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Peruvian Rebellion

As Colonial Rebellions go, the most important, spectacular and extended of all colonial rebellions took place way above sea level high in the remote Andes which at the time was part Spanish America.

At the beginning of the eighteenth century, when the Hapsburg's rule gave way to the Bourbon monarchy of Spain it was felt as far away as Peru, and this resulted in a several rebellions. Juan Santos, left Peru and travelled to Europe, on his arrival back in Peru in 1740, he felt that rebellion was the only way forward for the people of the country. Juan, rid the country of white people and by recruiting the support of the forest Indians, managed to repel the authorities. Juan was known as Tupac Amaru. One of the down sides of the rebellion was that as the country had little trade with its neighbours, the Peruvians could only buy food that was excessively priced and excessively poor quality. The country was ready for further rebellion. Enter Tupac Amaru II in 1780.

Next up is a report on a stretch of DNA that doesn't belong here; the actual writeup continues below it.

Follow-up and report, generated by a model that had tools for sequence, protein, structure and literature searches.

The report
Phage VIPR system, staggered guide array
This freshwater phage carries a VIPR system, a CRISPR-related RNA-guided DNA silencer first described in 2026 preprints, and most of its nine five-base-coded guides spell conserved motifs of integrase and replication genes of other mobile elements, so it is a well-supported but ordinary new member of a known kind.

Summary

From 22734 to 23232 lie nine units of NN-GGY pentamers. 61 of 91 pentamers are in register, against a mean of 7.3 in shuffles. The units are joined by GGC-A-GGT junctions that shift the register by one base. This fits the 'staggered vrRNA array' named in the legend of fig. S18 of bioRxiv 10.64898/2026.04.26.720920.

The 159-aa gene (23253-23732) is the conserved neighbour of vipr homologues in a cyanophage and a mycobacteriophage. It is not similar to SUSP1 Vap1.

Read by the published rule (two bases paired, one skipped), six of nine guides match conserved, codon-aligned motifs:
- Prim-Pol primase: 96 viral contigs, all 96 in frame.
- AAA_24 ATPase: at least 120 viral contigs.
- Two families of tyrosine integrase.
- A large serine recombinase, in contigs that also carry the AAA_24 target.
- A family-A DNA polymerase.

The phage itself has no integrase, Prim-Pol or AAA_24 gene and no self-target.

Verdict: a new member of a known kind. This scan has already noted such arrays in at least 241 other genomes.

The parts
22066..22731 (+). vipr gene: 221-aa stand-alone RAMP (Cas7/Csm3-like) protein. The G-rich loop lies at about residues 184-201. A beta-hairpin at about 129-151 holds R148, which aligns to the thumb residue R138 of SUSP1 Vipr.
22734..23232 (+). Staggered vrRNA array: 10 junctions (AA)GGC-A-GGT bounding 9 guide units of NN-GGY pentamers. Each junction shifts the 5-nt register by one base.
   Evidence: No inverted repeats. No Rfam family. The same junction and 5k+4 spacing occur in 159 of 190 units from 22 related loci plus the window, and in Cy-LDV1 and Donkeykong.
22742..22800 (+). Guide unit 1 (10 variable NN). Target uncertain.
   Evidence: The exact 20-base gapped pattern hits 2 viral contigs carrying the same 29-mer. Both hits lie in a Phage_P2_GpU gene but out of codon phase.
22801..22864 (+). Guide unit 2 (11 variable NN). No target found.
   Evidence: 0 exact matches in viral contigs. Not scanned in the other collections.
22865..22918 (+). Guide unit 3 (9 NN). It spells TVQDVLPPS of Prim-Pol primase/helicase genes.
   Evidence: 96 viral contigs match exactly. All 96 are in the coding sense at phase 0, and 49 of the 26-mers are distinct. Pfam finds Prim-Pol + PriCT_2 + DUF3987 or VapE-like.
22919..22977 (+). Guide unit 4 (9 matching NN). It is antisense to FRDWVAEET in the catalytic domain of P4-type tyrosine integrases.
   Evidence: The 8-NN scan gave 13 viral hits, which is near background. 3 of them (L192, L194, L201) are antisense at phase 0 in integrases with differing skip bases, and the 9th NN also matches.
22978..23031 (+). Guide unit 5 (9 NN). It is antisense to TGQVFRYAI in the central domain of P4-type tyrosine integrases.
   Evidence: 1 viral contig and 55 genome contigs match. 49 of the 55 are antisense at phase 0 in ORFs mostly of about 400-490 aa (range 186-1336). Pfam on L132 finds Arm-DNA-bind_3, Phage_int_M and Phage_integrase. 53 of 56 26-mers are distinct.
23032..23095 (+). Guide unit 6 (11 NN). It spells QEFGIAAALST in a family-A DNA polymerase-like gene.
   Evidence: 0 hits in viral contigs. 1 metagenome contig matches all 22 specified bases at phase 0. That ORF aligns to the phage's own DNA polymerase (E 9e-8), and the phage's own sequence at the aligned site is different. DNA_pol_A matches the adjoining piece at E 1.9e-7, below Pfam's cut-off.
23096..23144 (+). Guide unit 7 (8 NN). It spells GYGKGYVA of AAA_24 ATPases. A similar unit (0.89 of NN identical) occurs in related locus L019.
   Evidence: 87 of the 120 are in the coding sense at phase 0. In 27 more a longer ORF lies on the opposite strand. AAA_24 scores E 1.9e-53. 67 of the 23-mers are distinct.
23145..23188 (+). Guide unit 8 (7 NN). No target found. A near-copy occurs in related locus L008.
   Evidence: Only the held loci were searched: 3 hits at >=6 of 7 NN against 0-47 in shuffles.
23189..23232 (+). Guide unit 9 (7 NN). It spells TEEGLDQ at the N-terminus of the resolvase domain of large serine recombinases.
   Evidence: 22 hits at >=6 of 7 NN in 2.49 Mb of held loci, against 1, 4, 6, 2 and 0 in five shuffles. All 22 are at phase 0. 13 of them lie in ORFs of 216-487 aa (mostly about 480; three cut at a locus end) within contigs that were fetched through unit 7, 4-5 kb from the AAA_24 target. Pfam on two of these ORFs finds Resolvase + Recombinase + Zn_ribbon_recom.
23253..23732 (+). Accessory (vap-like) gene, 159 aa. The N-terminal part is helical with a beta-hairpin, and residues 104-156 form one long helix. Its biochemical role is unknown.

Tupac Amaru II, aka José Gabriel Condorcanqui, who claimed he was of Inca descent, and took the name of Tupac Amaru II in memory of Juan who died in 1765. Tupac Amaru II, differed in his strategy as he recruited his alliances from the peoples who were native born whites, indigenous people and mestizos like himself. Mestizos, is a Spanish term that refers to peoples that are of a combined mixed race. This term used during the eighteenth century described a person who had a combined race of European and Native American. José and his supporters were fighting against the European born Spaniards.

There are several important lessons to be learned from this rebellion. The ethnic class and structure of the rebels was extremely complicated especially compared to the rebellion under Tupac Amaru I, where the rebels were indigenous and non-white. Also the context in which rebellion led by Tupac Amaru II was very different, as it was brought about by internal difficulties caused by poor treatment of the population by its internal infrastructure rather than the Rebellion of 1740, which was brought about by colonial administration which did not allow the indigenous peoples of Peru to have an opinion or consultation on the administration and decision making processes within their own country. In effect the rebellion of 1740 was about gaining independence. There are lessons to be learned from both rebellions.